[FOUNTAIN]Still friends after all these yearsSince the election of Roh Moo-hyun as president of South Korea, the foreign media have been expressing interest in the future of relations between South Korea and the United States.
The Wall Street Journal said "South Korea held an election yesterday and North Korea won." Most U.S. media said Mr. Roh, a moderate left-winger, could increase tension with the United States and, if things go wrong, his victory could seriously threaten the alliance between South Korea and the United States. But deciding whether one country is friendly or hostile to another is not easy.
For example, Chancellor Gerhard Schroder of Germany, and President Jacques Chirac of France have somewhat rocky relations with U.S. President George W. Bush. Still, we cannot say that those countries are hostile to the United States, because the two countries share values of capitalism, democracy and human rights with the United States and there are no deep cultural differences.
Based on these reasons we cannot say countries ruled by pro-American dictators are amicable to the United States. The Sept. 11, 2001, terrorist attacks on New York and Washington provide an example. The terrorists came from two countries, Saudi Arabia and Egypt, where the United States had the strongest relations among Arab countries. U.S. officials in charge of foreign policy were shocked by these unexpected acts.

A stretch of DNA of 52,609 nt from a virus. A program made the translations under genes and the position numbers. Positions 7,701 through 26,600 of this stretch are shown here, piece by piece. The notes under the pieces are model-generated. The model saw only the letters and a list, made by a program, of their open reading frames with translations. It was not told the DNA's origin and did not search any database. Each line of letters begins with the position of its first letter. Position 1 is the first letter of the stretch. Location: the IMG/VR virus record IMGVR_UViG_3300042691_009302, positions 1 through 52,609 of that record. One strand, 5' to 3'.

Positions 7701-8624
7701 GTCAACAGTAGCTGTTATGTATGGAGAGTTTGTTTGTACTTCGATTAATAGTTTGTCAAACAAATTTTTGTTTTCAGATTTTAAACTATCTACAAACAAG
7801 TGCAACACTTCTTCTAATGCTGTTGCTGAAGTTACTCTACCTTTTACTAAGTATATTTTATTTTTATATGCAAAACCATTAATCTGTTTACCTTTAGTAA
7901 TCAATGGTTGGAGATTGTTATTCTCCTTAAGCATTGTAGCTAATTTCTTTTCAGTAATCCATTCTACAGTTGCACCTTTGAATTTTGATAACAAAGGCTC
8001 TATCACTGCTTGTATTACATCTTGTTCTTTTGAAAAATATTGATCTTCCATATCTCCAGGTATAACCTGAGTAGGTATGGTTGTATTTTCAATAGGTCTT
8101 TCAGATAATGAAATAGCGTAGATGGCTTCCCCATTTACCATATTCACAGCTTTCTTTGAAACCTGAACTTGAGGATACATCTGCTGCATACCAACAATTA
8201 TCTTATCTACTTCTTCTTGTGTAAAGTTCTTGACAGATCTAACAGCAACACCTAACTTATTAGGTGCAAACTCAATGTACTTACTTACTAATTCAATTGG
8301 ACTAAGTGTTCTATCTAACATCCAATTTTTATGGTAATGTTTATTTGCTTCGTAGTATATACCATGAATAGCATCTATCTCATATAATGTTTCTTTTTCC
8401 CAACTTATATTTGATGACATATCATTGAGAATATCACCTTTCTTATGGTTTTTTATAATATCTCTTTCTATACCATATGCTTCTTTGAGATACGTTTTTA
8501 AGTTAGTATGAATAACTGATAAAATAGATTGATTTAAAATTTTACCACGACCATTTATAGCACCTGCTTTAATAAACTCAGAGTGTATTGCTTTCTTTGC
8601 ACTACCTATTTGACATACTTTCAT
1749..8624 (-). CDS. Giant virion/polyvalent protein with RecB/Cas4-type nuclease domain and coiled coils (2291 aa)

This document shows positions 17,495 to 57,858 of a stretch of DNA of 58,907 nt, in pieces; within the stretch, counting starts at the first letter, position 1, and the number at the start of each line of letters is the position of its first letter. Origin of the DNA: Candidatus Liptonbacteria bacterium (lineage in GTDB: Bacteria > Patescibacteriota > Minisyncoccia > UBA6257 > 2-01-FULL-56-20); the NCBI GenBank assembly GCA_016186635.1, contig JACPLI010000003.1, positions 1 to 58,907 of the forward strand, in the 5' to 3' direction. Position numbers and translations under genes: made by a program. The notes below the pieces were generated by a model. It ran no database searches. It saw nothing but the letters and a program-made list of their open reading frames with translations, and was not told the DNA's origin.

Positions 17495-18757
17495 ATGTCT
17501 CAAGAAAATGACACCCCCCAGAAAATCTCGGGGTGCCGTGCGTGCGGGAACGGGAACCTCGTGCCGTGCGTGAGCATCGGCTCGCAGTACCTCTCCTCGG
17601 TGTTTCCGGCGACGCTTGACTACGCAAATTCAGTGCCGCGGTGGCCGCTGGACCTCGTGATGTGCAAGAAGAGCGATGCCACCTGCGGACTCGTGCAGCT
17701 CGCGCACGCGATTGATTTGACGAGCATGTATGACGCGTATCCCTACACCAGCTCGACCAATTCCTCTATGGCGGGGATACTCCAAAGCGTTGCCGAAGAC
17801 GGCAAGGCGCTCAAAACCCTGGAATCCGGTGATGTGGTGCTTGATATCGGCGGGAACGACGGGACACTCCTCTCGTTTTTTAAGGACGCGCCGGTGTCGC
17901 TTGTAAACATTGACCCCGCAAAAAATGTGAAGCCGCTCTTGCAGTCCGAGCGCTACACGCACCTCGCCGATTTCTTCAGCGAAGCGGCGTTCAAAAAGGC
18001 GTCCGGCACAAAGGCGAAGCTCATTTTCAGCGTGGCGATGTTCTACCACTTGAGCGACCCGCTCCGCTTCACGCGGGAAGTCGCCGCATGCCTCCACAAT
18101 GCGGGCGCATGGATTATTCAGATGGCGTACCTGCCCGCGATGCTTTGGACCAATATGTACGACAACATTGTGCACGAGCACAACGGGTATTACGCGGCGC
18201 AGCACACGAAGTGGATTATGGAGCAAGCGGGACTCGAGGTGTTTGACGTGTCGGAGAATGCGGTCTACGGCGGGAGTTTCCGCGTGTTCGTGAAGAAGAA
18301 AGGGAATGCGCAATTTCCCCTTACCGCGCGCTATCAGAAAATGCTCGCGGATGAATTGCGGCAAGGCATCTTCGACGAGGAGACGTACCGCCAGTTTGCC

Accordingly, in judging whether a country is friendly to the United States, taking a look at its culture and public values will tell much about its position, more than judging by the leader's view.
South Korea's younger generations, seeing only the surface, are demanding a change in relations between Seoul and Washington. South Korea is a country that bloomed as a capitalistic and democratic nation after being liberated from Japanese colonial rule after World War II. Among Asian countries, the nation whose values are closest to the United States is South Korea.
So, if the United States regards only the South Korea of the past as being amicable to its national interests, remembering the pro-U.S. policies of Korean military dictators who had no legitimacy, it would be a great misunderstanding on the part of Washington. If the United States denounces South Korea for being hostile only because Korea is not as manageable as before, we cannot help thinking that America does not respect South Korea.
The writer is a JoongAng Ilbo editorial writer.
by Kim Seok-hwan